Thursday, February 01, 2007

Small narcoleptic

I heard a sad story recently. Some friends of ours - part of my husband's old college gang - have a five-year-old daughter, who went to school last September. At a party, I asked her mother how it was going, and got a long and worried response.

I don't know this child well at all, but I gather she's always been extremely shy. Indeed, her parents decided, for this reason, to wait until she turned five to send her to school. She has a more outgoing younger brother, and in situations like playgroup she's been able to rely on him, to some extent, to get by socially.

Now she's at a standard-model school. Academically, she's fine. But a few months into the term, the teacher came to her parents, worried. Every time the class is asked to do less structured group activities, such as art or PE, she falls asleep. Her parents had noticed that she seemed more than usually tired, all right, and prone to sleeping during the day. But they'd put it down to the big change, and they hadn't realised that it had become so frequent at school.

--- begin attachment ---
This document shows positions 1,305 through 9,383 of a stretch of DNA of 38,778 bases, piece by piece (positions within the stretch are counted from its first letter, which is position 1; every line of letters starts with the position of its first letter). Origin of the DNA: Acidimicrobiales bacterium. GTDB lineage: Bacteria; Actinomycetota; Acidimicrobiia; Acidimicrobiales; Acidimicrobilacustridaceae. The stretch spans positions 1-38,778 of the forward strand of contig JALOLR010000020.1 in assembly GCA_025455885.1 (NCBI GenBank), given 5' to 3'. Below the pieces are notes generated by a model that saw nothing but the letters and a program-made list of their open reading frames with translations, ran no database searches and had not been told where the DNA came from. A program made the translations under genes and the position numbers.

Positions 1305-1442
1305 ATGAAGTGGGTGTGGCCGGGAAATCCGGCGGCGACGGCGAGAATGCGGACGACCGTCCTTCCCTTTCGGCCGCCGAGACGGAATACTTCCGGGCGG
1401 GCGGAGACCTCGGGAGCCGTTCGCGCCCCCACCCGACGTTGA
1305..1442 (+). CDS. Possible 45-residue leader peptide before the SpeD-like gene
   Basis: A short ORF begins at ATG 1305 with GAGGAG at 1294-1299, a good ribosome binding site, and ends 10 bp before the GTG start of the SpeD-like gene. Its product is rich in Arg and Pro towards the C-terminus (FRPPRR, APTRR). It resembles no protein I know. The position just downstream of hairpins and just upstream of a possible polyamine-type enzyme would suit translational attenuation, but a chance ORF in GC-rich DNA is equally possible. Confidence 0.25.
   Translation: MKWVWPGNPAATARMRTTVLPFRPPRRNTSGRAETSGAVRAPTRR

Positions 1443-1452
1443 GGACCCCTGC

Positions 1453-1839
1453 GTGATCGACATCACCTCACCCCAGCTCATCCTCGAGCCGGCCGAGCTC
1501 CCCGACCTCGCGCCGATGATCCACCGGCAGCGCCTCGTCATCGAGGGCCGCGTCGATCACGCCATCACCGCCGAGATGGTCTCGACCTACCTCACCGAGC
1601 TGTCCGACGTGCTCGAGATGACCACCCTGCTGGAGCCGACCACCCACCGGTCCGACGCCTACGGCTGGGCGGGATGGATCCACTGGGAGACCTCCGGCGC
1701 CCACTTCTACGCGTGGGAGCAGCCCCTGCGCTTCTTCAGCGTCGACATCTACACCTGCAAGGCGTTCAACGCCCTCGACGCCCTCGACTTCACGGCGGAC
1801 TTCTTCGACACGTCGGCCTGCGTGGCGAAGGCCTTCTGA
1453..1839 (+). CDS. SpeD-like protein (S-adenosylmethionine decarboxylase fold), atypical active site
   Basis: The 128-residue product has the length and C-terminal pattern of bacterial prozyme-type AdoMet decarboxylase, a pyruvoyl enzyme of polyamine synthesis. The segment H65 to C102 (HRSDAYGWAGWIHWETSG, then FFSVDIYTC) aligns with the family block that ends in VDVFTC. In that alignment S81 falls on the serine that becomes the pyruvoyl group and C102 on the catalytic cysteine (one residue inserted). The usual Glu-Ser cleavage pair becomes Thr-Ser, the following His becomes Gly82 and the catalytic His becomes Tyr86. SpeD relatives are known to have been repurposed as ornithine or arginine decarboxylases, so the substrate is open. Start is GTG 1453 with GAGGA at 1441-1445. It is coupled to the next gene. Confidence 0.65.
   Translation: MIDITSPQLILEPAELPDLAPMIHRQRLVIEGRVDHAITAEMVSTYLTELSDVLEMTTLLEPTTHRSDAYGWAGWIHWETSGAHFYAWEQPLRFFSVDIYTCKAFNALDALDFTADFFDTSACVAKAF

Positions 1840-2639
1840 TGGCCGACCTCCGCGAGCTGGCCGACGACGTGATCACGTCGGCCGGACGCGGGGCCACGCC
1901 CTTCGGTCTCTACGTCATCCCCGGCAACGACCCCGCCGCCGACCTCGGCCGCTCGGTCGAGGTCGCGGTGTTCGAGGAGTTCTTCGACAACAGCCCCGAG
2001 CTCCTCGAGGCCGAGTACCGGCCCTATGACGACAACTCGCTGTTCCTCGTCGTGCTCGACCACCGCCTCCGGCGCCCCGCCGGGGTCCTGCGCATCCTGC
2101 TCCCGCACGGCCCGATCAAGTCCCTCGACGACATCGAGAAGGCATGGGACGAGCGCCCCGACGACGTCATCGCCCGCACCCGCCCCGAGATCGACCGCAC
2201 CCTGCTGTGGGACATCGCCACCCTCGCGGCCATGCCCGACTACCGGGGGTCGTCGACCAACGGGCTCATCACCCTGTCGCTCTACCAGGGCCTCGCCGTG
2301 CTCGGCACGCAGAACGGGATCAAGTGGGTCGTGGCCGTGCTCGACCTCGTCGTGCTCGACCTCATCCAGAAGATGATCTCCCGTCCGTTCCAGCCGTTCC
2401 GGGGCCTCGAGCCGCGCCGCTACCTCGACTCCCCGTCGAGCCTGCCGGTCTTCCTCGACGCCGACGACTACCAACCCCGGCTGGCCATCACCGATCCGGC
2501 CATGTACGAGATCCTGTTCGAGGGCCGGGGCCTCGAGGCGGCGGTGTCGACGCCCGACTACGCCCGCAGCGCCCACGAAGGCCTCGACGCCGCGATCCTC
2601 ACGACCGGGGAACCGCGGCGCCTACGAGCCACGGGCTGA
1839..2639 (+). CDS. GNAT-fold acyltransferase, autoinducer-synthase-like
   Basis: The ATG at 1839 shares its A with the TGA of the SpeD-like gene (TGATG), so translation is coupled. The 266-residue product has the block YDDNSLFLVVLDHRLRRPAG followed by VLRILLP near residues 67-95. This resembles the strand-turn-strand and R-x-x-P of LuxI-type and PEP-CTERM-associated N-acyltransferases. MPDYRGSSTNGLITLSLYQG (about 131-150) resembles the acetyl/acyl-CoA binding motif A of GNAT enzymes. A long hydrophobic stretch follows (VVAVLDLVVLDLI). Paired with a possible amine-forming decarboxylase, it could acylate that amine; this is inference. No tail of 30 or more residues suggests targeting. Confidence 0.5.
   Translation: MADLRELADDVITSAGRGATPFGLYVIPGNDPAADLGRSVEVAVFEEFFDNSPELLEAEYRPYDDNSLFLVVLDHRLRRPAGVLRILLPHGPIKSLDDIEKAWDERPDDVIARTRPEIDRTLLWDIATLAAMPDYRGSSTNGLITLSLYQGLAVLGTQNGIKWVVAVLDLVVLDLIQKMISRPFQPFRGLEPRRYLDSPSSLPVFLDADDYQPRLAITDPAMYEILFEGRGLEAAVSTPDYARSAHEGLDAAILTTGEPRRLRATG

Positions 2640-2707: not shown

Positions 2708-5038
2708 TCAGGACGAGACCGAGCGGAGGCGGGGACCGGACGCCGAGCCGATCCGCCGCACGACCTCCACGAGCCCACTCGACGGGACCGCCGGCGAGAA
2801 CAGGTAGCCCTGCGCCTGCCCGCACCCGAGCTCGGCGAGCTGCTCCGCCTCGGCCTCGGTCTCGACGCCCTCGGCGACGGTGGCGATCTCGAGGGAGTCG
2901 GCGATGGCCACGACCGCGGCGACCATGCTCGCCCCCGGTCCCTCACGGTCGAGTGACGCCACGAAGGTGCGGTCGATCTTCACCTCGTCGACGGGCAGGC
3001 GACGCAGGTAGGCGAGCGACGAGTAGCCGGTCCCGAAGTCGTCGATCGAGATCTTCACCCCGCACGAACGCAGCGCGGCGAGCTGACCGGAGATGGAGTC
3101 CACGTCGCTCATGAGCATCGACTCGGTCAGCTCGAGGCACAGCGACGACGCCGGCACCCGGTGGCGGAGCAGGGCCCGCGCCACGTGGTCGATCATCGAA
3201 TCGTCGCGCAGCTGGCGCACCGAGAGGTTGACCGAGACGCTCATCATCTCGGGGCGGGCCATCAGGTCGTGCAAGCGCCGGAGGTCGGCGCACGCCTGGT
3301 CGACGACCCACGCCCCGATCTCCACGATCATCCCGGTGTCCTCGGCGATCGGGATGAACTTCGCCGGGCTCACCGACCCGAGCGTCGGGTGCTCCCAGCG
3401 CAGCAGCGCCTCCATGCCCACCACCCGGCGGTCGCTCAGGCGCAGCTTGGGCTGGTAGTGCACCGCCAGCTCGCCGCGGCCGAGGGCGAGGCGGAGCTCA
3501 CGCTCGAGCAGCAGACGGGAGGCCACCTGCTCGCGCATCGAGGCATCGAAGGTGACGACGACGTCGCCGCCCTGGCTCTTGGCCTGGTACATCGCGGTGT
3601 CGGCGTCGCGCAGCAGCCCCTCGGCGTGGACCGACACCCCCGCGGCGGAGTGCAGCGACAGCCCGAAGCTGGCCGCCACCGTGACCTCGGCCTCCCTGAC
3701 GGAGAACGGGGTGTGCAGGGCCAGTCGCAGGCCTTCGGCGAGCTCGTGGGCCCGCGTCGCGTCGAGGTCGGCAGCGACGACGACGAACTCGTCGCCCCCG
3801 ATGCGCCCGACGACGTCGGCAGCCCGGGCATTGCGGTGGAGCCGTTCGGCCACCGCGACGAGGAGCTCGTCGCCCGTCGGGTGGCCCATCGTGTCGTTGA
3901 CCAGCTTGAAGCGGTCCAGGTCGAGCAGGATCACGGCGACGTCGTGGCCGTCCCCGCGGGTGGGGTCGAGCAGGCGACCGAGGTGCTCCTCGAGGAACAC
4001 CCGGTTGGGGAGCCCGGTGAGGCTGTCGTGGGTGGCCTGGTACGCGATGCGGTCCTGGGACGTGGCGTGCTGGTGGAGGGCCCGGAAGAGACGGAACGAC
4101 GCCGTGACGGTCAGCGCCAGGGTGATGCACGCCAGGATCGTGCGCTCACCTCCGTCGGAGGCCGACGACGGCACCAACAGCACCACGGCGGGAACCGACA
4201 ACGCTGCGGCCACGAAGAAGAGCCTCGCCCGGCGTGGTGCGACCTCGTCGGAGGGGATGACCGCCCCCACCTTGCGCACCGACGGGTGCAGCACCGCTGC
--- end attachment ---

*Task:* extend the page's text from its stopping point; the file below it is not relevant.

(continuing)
And what are they to do? It's genuine sleep, not put on. Her mother, telling me about it, used language like "it took us a while to figure out what she was up to" - apparently thinking of it as a trick, more or less. She didn't have a solution.

I said vague things about being sure that it would sort itself out eventually, and how actually, when you think about it, it's a perfectly natural reaction to an overwhelming situation, and how she obviously isn't comfortable with full-on peer-group interaction, and really what you'd need would be a very small class, where she might be better able to get used to it at her own pace, but sure, where would you find something like that, and so forth.

It seems obvious to me that a mainstream, age-segregated, thirty-strong class is the wrong place for this child - and equally obvious that it would take a lot more than strategic sleepiness to make her parents consider any alternative. All I can think is that she's come up with a strikingly intelligent short-term response to her problem. Falling asleep is such a total, personal withdrawal - and such an (essentially) unobjectionable thing for a small child to do. But of course it will do her no good at all in the long term, because of the situation in which she has been placed. She will just have to learn to cope, somehow. I'm sure she will. But I wish she didn't have to.

Popular Posts